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Sticky Learning: How Neuroscience Supports Teaching That's Remembered

Inglis, Holly J.; with Dawson, Kathy L.; and Nishioka, Rodger Y.
Augsburg Fortress Pubs., 2014

Book Review

Tags: higher education   |   learning theories   |   neuroscience
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Reviewed by: Rob O'Lynn, Kentucky Christian University
Date Reviewed: April 8, 2015

In many ways, Sticky Learning is all business. It has no traditional introductory or closing material and ends simply with a works cited list. This volume is divided into three major sections. The first section (composed of only chapter one) lays out the current landscape of education. In it, Inglis asks readers some basic pedagogical questions, such as what defines “effective learning” and how did we learn to teach. The second section (chapters two, three, and four) lay out a roadmap for where learning is headed.

Inglis argues in chapter two that there is a differentiation between teaching and learning. Teaching occurs when an instructor simply imparts knowledge; learning occurs when the students interact with the instructor and actively apply what they have been taught. In chapter three, Inglis moves from learning theory to brain studies. As with each chapter in this book, her discussion is marked by brevity. She offers a concise, easy to understand introduction to brain science research condensed from larger, more detailed volumes such as Brain Rules by John Medina (2008) or Learning and Memory by Marilee Sprenger (1999), both of which are cited in the chapter. The majority of the research comes from the work of noted biologist James Zull and is operationalized through David Kolb’s model for experiential learning. In chapter four, Inglis discusses the five “pathways to memory” and three major reasons why we have trouble remembering information. Again, most of the material in these chapters is a concise summation of what the reader can find in the books by Medina and Sprenger noted above.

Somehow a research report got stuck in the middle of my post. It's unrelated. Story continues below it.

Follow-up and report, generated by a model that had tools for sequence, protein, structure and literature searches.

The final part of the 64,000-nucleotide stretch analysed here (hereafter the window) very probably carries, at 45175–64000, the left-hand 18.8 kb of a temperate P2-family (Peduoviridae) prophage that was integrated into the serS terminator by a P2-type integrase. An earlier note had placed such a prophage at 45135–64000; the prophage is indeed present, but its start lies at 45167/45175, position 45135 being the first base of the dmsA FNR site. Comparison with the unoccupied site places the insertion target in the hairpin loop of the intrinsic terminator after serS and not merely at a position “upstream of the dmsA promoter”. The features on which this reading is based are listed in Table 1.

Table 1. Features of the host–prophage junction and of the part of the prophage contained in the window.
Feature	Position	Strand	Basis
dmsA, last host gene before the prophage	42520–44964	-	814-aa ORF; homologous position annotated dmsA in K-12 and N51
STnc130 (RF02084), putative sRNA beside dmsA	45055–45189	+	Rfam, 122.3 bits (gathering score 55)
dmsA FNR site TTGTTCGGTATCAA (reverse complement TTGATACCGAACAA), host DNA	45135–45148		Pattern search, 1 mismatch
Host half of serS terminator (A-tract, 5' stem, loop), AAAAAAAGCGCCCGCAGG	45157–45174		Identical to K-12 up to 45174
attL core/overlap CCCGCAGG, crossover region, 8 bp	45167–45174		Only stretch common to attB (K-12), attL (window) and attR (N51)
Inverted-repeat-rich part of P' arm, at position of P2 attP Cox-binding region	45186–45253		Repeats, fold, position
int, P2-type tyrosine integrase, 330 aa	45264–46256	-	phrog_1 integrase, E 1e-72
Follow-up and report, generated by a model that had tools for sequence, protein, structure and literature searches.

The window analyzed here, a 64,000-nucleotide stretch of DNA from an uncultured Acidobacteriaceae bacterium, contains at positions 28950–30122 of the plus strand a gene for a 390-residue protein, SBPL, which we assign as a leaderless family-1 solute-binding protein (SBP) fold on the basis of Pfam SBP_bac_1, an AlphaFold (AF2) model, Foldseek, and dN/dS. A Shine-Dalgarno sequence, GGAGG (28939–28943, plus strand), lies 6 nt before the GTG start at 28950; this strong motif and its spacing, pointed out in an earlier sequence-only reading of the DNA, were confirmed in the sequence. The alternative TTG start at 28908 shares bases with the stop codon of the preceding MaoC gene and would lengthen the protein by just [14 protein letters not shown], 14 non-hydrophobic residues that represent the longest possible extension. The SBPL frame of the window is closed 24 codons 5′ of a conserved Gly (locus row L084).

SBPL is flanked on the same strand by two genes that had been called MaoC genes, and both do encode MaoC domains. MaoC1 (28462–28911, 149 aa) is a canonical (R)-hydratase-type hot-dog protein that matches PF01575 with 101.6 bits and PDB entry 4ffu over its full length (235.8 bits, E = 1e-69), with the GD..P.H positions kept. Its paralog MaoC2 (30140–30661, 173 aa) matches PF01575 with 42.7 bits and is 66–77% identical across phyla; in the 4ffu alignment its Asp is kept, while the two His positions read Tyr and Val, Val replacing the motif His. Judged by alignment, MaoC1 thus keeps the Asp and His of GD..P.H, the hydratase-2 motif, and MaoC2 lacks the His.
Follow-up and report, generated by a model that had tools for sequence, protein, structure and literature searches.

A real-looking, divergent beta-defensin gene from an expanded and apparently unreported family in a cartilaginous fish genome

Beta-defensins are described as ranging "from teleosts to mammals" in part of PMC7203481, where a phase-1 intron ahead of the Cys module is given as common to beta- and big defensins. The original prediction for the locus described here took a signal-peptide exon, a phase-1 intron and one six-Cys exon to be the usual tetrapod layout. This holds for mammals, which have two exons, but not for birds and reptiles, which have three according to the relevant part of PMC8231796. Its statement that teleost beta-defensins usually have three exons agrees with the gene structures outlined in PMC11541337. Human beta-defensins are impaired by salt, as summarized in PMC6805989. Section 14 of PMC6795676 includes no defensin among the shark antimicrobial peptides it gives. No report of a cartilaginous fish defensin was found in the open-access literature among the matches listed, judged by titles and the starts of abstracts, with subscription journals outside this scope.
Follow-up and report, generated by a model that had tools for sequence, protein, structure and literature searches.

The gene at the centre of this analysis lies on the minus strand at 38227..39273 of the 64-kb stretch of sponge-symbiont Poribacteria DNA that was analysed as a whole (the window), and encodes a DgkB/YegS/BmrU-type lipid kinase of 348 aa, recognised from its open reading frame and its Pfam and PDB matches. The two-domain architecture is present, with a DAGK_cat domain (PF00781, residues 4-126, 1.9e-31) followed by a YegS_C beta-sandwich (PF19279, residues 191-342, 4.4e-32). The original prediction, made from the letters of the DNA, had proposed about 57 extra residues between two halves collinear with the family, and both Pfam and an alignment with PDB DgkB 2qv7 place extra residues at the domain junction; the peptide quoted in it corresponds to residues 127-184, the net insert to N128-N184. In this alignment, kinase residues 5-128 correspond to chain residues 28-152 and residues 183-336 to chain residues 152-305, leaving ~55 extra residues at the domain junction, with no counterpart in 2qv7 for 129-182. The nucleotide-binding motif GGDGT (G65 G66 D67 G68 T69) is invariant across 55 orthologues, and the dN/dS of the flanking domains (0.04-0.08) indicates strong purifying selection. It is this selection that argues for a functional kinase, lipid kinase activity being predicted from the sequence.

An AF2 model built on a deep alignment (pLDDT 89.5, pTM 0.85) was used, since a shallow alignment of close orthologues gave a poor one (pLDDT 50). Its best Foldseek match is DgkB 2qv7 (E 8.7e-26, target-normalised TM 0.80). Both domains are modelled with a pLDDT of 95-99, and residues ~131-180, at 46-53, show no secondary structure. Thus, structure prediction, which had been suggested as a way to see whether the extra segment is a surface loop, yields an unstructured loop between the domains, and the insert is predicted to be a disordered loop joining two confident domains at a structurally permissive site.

In this reviewer’s opinion (one who has a limited working knowledge of the relationship between neuroscience and educational psychology), these two chapters alone are worth the price of the volume. After reading through these chapters, I was informed about the readily accepted correlation between neuroscience and educational psychology and also was empowered to integrate these theories into my own teaching. (I am already using Kolb’s theory, but now understand how to maximize it in my teaching.) The “Making It Stick” features that follow each content section provide reflective questions and practical applications which promote a “learn-do” environment for the reader to immediately assess the validity of Inglis’ arguments.

The final section (chapters five through eight) provide a challenge to take what Inglis has argued in the previous half of the book and apply it directly to classroom contexts. While chapters five and seven – both authored by Inglis – were helpful, I found that chapters six and eight cancelled each other out. Chapter six, by Nishioka, provides a response from one who has used these concepts in his classroom, as demonstrated by the real-life examples. Chapter eight, authored by Dawson, offers a case study of how one can apply the arguments and concepts set forth in the book. In my opinion, either one should have been chosen over the other, or Nishioka’s reflections should have been included in the larger treatment rather than as a stand-alone chapter. This is, however, my only real complaint with this volume. I especially appreciated the websites and QR codes to unlock additional content that are scattered throughout the book. Overall, this is an important book for educators at any level to read and wrestle with as they continue to seek the best ways to educate their students.

 

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